Harold Meyerson

Harold Meyerson is the editor-at-large at The American Prospect and a columnist for The Washington Post. His email is hmeyerson@prospect.org

Recent Articles

The Left, Viewed from Space

AP Images/Mike Groll
It is, I suppose, theoretically possible to get the big picture right even when you can’t see the small pictures at all. That seems to be the achievement of political scientist Adolph Reed Jr. in his cover story in the March issue of Harper’s. As Reed sees it, both political parties have been captured by neo-liberalism, by Wall Street, by the cult of laissez-faire. The Democrats have succumbed while maintaining, or even increasing, their liberalism on social and cultural issues, even as the Republicans have moved rightward on those same social issues. More troublingly, as Reed sees it, the American left has acquiesced in the Democrats’ rightward movement, backing a passel of candidates and two presidents—Bill Clinton and Barack Obama—who adhered to the economics of Robert Rubin and his protégés. The Left, says Reed, has always had an excuse: If the Republicans are elected, the world will lurch to the right. Backing Clinton and Obama and the Democrats is a defensive exercise, and a...

Walking on Ukrainian Eggshells

AP Images/Darko Bandic
At times, you have to wonder where Europe’s strategic and economic sense has gone. Consider Ukraine, most of whose citizens clearly wish to become Ukrainian-European and have their country join the European Union. Some of whose citizens died for that this week. Until this week, however, Europe was doing all it could to repel them. Last autumn, Ukrainian President Viktor Yanukovych bitterly disappointed his compatriots by backing off his promise to sign an association document with the EU. The conventional wisdom is that he succumbed to Russian pressure—after all, it’s Russia that supplies Ukraine with its oil and gas. But Russian President Vladimir Putin was also offering Ukraine $15 billion, while the EU was offering it nothing, and telling Yanukovych that any real progress in integrating his country into the Union would depend not only on cleaning up Ukraine’s notoriously corrupt government but also on imposing austerity conditions on its already economically-beleaguered citizens...

When Culture Eclipses Class

AP Images/Erik Schelzig
A merica is where class struggle gets derailed by culture wars. It’s happened throughout our history. It happened again last week in Chattanooga. For more than a decade, the ability of the United Auto Workers to win good contracts for its members—clustered in GM, Ford, Chrysler, and various auto parts factories across the industrial Midwest—has been undercut by its failure to unionize the lower-wage factories that European and Japanese car makers have opened in the South. Daimler, BMW, Nissan, Toyota, Volkswagen—all of them ventured to the non-union South to make cars on the cheap for the American market. All these companies have good relations with the unions in their homeland, but by going south, they signaled they had little to no intention of going union in the U.S. It wasn’t just that Southern states had those wonderfully misnamed “right-to-work” laws that meant that even if the unions won collective bargaining rights, workers didn’t have to pay dues to the union for raising the...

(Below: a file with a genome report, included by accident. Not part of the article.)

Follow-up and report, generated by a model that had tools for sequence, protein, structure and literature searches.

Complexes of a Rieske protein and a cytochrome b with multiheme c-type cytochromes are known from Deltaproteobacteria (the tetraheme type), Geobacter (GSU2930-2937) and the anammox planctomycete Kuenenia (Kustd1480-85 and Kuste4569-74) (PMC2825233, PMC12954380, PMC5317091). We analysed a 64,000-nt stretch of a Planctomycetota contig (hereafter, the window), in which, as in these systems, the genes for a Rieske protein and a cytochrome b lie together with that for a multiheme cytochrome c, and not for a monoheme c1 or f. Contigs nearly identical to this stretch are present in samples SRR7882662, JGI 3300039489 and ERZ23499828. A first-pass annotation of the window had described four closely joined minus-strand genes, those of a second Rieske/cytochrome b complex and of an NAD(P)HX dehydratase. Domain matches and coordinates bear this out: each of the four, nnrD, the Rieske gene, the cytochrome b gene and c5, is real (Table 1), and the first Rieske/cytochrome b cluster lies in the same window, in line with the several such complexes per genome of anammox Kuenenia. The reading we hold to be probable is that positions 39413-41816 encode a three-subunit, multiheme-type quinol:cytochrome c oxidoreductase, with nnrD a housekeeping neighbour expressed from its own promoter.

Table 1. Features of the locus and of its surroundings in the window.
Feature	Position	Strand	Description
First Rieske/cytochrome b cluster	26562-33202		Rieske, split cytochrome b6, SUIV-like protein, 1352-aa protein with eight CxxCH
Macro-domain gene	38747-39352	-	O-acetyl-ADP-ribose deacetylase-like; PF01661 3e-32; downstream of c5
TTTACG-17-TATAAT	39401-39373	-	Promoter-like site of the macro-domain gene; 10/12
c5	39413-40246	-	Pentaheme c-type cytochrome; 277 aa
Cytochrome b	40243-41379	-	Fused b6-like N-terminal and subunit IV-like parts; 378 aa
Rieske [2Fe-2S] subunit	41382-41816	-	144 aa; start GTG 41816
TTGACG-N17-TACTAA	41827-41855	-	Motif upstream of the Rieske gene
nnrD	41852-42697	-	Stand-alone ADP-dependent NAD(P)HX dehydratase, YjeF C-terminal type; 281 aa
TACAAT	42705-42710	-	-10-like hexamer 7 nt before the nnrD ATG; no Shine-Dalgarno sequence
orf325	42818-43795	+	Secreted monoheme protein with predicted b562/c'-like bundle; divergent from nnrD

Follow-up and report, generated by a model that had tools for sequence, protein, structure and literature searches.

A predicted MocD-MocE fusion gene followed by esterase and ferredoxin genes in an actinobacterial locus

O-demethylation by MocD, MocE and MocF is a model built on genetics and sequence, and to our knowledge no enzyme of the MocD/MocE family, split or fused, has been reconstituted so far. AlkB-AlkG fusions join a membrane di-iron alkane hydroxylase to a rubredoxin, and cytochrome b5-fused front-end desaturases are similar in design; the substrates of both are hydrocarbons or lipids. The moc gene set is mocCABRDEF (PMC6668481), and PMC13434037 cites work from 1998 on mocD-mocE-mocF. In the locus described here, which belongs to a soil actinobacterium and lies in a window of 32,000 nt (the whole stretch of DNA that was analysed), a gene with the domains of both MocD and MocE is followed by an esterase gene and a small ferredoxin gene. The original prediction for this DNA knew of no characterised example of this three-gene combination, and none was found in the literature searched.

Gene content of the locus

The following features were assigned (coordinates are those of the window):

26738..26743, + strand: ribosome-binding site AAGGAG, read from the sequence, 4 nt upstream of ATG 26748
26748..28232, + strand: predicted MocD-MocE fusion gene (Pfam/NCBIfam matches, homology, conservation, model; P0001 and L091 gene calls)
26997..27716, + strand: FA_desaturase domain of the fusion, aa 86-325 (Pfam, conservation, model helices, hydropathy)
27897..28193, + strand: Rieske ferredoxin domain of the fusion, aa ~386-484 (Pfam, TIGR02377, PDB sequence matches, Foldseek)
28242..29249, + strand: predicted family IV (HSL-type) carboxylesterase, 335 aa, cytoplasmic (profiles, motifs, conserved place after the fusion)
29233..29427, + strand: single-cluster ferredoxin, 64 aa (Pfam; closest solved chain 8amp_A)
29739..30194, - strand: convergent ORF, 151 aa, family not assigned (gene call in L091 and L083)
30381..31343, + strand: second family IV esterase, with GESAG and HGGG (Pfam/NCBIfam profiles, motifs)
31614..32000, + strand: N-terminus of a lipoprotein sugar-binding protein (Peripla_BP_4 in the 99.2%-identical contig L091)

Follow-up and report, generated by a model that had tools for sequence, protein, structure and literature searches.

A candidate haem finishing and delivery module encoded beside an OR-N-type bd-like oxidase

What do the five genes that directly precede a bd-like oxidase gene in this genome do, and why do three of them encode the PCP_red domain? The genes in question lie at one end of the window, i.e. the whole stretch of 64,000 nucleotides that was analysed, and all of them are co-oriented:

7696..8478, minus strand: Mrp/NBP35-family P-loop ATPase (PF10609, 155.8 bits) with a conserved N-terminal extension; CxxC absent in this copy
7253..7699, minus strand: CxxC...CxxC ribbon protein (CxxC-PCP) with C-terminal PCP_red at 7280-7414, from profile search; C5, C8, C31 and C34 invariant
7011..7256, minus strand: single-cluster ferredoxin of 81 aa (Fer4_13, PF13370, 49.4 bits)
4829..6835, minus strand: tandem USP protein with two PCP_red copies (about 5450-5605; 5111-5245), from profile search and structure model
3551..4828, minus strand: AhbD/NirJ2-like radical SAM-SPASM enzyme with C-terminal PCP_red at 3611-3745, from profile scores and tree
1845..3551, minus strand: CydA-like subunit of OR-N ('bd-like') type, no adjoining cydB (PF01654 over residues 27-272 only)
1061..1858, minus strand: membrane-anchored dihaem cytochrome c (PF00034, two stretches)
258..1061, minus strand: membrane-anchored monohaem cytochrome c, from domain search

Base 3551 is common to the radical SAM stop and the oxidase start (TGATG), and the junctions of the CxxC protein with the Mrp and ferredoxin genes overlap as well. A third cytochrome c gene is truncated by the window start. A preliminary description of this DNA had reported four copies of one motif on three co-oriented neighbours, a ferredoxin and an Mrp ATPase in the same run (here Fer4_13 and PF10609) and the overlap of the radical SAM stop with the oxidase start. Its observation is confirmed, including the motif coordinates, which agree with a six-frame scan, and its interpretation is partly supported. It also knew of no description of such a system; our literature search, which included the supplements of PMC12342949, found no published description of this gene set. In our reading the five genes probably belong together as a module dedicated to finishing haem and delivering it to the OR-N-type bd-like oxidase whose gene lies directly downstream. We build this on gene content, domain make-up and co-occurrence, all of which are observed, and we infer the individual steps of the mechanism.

Chattanooga Showdown

AP Images/Charles Rex Arbogast
T his week—from Wednesday through Friday—employees at Volkswagen’s factory in Chattanooga, Tennessee may well make history. Actually, they may make it twice. If a majority of the roughly 1,500 workers vote to recognize the United Auto Workers as their union, their plant will become the first unionized auto factory in the South. It will also become the first American workplace of any kind to have a works council—a consultative body of employees who regularly meet with management to jointly develop policy on such work-related issues as shifts, the best way to use new machinery, and kindred concerns. Mandated by law in Germany, works councils do not bargain over wages and benefits, but they do provide a way in which workers can have input into policies that affect their lives. They also have led to countless productivity increases in German manufacturing. The vote at Volkswagen marks the latest stage in the UAW’s decades-long campaign to organize auto plants in the South. In recent...

Liberalism’s Legislative Genius Calls It Quits

AP Images/Jacquelyn Martin
AP Images/Jacquelyn Martin T wo things to know about Henry Waxman: First, during his 40 years in Congress, he authored and steered to enactment the legislation that provided health care to millions, that put nutritional labeling on food, that gave rise to generic drugs, that provided medical care to people with AIDS, that greatly reduced smog and acid rain, that strengthened the safety standards for drinking water and food, and that signally reduced the number of Americans who smoke. Second, in achieving all this, he acquired a sobriquet: “that sonofabitch Waxman.” “I thought Henry’s first name was ‘sonofabitch,” his colleague and friend George Miller once said. “Everybody kept saying, ‘Do you know what that sonofabitch Waxman wants?” “People think, ‘Of course, we have laws that keep the drinking water safe and the air cleaner,’” Waxman told me yesterday, on the day he announced that he’d retire at the end of the current Congressional session after 40 years in Congress. “But none of...

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